But while he draws heavily on existing scholarship on cities, he is hoping to bring a fresh perspective as a relative newcomer to the multiple problems of urbanisation. And it is there the book comes into its own; not so much as an original theory of cities but as a highly readable work in progress on everything from links to drug-smugglers in diasporas to gang warfare in Latin America to flooding in Dhaka.

Kilcullen uses his experience of counter-insurgency in Afghanistan – where the Taliban often managed to out-govern the United States and its allies even as they were outgunned – to try to explain how non-state actors operate in an urban environment. By offering their own predictable system of rules through their courts, the Taliban had pulled in supporters, who would often then become beholden to them if they ruled in their favour. Belief in the Taliban ideology, he argues, would come after being drawn into that net rather than, as is usually assumed, the cause of support for insurgents.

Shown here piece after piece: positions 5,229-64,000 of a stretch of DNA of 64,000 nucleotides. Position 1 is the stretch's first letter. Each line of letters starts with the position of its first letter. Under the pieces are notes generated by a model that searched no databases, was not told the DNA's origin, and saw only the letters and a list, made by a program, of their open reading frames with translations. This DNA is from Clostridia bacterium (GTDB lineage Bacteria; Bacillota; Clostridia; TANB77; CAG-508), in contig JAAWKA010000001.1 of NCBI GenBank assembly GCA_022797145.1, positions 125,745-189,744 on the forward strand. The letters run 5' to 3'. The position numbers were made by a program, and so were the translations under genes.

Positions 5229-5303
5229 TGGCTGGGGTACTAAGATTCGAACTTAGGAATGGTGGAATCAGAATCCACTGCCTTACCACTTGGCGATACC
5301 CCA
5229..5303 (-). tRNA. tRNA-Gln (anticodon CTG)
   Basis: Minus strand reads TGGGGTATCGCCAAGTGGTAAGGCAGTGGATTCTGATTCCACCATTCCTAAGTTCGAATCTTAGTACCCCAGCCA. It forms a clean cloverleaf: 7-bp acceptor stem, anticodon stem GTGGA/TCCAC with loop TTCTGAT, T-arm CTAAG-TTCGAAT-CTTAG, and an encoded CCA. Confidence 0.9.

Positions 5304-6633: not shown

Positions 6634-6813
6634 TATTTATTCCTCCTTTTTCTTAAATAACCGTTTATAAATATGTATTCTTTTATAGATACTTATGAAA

A similar form of “competitive control”, he suggests, could also be at work in cities where governments have to compete with criminal gangs and other non-state actors to win over populations. It is a model that could be applied well, for example, to Karachi, where criminal gangs, political parties, Islamist militants and the government all compete – with varying degrees of coercion and violence – to win the loyalties of people in different areas.

Rather than arguing for such authoritarian measures as Haussmann’s rebuilding of Paris, Kilcullen calls for more attention to be paid – with the help of local communities – to understanding the ecosystems of cities “as living, breathing organisms” and to seeing these as a changing system of flows of people and goods rather than a spatial construct frozen in time.

It is an ambitious book – the title “Out of the Mountains” refers to Kilcullen’s call for the generation who fought in Afghanistan to turn their attention to “the implications of the coming age of urban, networked, guerrilla war in the mega-slums and megacities of a coastal planet.” But it is also one that will bring the problems facing modern cities to an entirely new set of readers at a time when governments throughout the world are trying to work out how to manage them better.